“The CEO’s Boss is a must-read for anyone who looks to be taking the highest position in a company.”
~ Midwest Book Review
Tuesday you learned about Tesla $40 Million lesson in the need to show “tough love” in the boardroom. Yesterday you read William M. Klepper’s preface to the The CEO’s Boss: Tough Love in the Boardroom, and now know why the second edition is will be vital to your success in the boardroom. Continuing with this week’ theme, today we’re rewarding you with a sneak peek of chapter 2, “Tough Love in the Boardroom.” The following section discusses the boards responsibility to understand the CEO’s behavior style and leadership practices.
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Practicing Tough Love
It is clear, from the collapse of Lehman Brothers and the joint failure of Fuld and the Finance and Risk Committee, that having a statement of intent or a social contract in place is not always enough to ensure a successful partnership. For the board to be able to work effectively with the CEO, it must be able to ask questions, think independently, and show “tough love” when necessary. It is the board’s responsibility to:
- Know the CEO’s behavioral style and leadership practices.
- Know the organization’s needs (strategy, priorities, and gaps).
- Match the organization’s needs with the leadership that is required.
- Look first at the CEO and then the senior team to find the correct match.
- Look elsewhere if the correct match isn’t found.
The CEO’s Behavioral Style and Leadership Practices
Knowing the general behavioral styles of executives can help the board provide tough love to the CEO. The idea of distinct personality types evolved out of the work of Carl Jung. Today one of the most straightforward assessments is based on the behavioral styles research of Merrill and Reed. They define four social styles: driving, expressive, amiable, and analytical.7 In later chapters I discuss how these styles can be modified and expanded into leadership indices that are appropriate for CEO evaluation and I deal more extensively with the assessment of the CEO’s behavioral style and leadership practices. For now, however, let’s consider how different behavioral styles can impact a company.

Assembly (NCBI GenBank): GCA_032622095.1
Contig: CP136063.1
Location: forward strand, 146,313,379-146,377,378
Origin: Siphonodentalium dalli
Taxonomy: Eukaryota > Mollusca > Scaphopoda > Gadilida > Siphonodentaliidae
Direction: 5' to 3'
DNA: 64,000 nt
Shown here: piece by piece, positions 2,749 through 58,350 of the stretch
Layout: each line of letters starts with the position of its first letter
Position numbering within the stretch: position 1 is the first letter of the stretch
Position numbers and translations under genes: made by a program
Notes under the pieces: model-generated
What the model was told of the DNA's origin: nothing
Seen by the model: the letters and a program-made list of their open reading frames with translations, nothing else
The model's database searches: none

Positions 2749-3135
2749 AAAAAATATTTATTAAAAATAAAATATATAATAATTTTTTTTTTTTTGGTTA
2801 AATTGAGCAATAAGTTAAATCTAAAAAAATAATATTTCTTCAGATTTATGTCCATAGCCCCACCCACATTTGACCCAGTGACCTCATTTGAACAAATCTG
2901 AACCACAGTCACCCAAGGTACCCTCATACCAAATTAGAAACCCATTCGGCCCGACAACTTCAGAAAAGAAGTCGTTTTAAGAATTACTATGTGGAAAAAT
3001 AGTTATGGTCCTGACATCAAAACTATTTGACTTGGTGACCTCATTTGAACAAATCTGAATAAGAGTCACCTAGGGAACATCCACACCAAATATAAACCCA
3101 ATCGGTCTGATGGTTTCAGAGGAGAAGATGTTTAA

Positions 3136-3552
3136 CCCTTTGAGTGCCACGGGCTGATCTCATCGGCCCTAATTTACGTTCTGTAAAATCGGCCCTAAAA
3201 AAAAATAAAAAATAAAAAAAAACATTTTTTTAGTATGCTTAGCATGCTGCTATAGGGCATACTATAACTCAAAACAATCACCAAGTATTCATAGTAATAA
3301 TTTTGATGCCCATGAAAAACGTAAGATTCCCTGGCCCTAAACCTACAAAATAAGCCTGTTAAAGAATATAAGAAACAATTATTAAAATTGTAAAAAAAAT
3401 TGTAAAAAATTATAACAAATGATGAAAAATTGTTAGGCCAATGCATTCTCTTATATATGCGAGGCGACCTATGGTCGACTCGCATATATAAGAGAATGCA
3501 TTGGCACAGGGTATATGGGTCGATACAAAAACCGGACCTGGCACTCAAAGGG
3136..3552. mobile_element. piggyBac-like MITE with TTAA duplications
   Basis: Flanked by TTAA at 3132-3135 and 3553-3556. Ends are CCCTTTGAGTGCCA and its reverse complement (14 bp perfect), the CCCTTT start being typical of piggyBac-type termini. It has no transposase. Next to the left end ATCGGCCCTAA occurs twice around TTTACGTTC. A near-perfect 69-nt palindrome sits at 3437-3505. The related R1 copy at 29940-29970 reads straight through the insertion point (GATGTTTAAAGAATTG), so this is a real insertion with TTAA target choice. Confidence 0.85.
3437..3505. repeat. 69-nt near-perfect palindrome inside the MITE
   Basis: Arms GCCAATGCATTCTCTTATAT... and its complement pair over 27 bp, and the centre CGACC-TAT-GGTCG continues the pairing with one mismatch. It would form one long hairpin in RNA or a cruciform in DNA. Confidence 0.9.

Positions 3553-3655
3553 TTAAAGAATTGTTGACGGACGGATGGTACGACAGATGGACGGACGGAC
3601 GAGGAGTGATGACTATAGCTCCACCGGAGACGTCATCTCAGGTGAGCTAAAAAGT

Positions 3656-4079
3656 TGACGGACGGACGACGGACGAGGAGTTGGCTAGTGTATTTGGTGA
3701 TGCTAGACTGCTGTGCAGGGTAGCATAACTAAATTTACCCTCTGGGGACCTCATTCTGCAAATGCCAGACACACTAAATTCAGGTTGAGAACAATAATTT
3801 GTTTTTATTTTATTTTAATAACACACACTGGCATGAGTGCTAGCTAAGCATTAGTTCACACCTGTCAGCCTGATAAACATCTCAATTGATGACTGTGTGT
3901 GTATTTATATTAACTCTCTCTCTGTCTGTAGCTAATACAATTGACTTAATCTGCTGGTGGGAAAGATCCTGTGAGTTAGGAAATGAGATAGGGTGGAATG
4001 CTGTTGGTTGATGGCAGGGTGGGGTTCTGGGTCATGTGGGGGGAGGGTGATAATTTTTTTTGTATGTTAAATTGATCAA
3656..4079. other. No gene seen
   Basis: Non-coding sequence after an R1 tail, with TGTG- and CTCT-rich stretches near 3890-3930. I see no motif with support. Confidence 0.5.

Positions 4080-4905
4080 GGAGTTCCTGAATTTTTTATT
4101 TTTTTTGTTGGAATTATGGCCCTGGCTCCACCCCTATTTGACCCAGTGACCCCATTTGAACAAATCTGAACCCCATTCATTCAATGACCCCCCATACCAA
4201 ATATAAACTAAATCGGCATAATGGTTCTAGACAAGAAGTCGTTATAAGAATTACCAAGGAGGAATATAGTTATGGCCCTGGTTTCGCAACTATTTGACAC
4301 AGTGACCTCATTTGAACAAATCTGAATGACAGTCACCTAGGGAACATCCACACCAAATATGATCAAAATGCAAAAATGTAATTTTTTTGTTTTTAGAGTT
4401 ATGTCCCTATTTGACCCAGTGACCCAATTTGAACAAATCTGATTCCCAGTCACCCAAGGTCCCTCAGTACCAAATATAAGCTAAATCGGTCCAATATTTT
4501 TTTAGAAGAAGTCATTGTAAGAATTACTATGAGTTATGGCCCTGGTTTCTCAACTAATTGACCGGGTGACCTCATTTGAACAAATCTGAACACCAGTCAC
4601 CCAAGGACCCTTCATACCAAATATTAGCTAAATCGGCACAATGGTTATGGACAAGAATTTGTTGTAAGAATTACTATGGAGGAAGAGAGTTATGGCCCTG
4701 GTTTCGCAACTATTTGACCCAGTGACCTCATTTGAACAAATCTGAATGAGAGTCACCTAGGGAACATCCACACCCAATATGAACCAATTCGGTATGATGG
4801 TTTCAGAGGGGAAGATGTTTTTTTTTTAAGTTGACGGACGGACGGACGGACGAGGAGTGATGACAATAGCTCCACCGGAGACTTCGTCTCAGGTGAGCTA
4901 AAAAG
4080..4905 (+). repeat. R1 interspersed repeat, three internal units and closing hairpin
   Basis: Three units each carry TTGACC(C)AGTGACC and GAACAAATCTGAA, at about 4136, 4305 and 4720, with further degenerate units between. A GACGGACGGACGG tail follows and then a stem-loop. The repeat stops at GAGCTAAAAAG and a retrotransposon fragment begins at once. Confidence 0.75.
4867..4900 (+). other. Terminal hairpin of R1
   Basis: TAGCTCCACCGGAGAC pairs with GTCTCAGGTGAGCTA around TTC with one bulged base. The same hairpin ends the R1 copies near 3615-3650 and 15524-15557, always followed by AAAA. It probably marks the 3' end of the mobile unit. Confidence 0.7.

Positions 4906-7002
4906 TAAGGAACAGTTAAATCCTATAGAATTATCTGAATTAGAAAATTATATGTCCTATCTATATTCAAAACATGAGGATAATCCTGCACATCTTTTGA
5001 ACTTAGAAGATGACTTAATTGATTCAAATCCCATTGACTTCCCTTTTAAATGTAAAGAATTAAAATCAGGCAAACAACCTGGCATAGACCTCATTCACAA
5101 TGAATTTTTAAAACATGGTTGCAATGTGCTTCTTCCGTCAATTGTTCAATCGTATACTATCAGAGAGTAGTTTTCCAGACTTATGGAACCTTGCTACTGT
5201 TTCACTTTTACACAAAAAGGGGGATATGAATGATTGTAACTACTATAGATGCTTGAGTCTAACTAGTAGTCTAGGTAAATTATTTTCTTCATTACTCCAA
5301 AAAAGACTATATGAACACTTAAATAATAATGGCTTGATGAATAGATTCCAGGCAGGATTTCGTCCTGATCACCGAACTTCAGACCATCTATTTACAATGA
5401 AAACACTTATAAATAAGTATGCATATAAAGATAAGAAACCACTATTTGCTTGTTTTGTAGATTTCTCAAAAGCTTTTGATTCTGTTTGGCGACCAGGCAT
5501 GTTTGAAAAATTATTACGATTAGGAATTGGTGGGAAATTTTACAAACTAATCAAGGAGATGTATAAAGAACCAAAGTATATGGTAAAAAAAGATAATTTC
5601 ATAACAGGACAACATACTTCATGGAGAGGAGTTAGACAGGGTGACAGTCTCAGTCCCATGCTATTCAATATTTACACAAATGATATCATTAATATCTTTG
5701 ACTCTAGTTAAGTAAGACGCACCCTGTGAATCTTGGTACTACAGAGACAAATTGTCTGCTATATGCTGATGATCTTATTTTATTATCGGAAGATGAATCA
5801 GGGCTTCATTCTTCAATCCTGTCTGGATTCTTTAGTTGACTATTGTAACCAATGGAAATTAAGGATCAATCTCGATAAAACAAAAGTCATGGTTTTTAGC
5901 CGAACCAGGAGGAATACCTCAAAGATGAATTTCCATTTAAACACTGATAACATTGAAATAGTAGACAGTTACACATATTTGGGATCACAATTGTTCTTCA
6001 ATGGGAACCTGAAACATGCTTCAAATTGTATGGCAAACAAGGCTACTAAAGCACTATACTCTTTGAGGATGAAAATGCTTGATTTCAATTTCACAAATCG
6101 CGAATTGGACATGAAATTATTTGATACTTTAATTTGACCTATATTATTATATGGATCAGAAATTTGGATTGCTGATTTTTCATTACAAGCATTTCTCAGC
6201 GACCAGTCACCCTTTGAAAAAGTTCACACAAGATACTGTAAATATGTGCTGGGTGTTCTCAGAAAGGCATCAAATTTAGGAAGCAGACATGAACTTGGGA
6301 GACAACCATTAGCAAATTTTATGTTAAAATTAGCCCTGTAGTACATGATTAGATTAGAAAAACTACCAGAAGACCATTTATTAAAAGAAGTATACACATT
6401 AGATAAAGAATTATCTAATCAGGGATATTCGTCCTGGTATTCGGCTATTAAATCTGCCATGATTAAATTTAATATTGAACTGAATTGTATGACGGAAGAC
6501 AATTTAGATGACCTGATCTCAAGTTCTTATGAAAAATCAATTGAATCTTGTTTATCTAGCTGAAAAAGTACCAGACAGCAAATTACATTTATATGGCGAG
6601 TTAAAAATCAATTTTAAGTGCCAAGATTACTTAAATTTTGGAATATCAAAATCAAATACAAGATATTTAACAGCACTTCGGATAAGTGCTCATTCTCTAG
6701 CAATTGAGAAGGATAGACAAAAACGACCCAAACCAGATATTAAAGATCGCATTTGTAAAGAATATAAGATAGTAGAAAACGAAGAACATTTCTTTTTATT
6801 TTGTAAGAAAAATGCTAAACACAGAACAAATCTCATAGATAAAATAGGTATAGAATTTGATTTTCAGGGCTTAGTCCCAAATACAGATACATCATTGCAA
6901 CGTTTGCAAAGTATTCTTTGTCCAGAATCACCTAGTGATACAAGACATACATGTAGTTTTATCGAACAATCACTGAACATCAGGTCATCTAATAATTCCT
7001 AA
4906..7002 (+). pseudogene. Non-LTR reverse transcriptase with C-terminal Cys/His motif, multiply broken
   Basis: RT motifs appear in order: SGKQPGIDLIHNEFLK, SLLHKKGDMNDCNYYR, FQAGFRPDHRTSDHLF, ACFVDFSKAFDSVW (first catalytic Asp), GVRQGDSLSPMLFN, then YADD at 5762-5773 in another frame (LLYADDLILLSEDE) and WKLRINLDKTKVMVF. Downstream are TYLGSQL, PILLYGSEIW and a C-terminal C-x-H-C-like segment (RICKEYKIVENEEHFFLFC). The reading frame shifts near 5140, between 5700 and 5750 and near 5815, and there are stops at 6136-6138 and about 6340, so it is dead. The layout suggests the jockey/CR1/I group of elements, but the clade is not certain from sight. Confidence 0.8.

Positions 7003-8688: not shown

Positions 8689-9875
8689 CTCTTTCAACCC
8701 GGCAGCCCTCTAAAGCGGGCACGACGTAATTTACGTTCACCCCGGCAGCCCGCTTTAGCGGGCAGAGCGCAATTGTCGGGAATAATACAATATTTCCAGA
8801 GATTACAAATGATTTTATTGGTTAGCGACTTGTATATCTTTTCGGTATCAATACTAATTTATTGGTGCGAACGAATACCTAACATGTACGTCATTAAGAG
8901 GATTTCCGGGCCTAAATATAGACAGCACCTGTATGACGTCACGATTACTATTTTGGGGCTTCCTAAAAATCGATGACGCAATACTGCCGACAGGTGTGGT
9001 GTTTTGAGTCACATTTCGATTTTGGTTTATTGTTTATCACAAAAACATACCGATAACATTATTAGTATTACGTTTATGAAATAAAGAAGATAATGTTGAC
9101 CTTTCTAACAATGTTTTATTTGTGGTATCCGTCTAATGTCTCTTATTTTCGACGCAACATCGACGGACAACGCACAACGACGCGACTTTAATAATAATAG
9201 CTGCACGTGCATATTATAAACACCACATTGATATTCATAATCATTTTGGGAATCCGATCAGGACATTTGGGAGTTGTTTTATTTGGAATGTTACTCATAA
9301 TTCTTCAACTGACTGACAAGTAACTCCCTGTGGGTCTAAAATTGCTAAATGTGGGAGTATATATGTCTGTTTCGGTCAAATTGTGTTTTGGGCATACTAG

The CEO changeover at Coke, from Roberto Goizueta to Doug Ivester, is a classic example of the effect different behavioral styles and leadership practices can have on a company. From 1980 until his unexpected death in 1997, Goizueta created more wealth for Coke’s shareholders than any other CEO in history.8 His expressive/innovative behavior was a stark contrast to his COO, Ivester, whose analytical, process-oriented behavior was legendary within the company. In October 1997, although still in shock from losing Goizueta, Warren Buffett and the other directors were convinced that they had the right successor in Ivester, and the board meeting to appoint him lasted only fifteen minutes. Given Ivester’s history with the company and years of working side-by-side with Goizueta, the choice seemed selfevident. As Fortune magazine wrote in 2000:
For two decades Ivester had toiled away patiently inside Coke, the last ten years aiming directly at the top spot and dazzling Goizueta with his hard work and creative execution of company strategy. A onetime accountant and outside auditor, he was carefully groomed by Goizueta and put through all the paces to give him the breadth of experience he would need in marketing, in global affairs, in charm and public speaking. But for all his brilliance—and nobody doubts that Ivester is brilliant—he somehow failed to grasp the vital quality that Goizueta had in abundance: that ethereal thing called leadership. 9
When making its decision, the board did not allow enough time to step back and ask whether and how Ivester’s behavioral style would align with the organization’s needs. The directors apparently assumed that by going with the Number 2 to Goizueta, things would continue as in the past. However, what resulted was a mismatch of a CEO’s style and the needs of an organization. It is reported that Warren Buffett and Herbert Allen, two powerful directors at the time, met with Ivester in a private meeting in Chicago and informed him that they had lost confidence in his leadership after little more than two years on the job. Ivester resigned, and Douglas Daft was appointed to the position soon after.10
When planning succession, the board failed to see that Goizueta was not grooming Ivester as much as he was utilizing his contrasting strengths in his leadership team. When Goizueta and Ivester worked together, Coke functioned at its peak, but a leadership gap was created when one of the players was taken away. If the board had been tougher and more deliberate in its assessment of Ivester’s behavioral style and leadership practices, it might not have had to be so tough on him two years later in assessing his performance as CEO.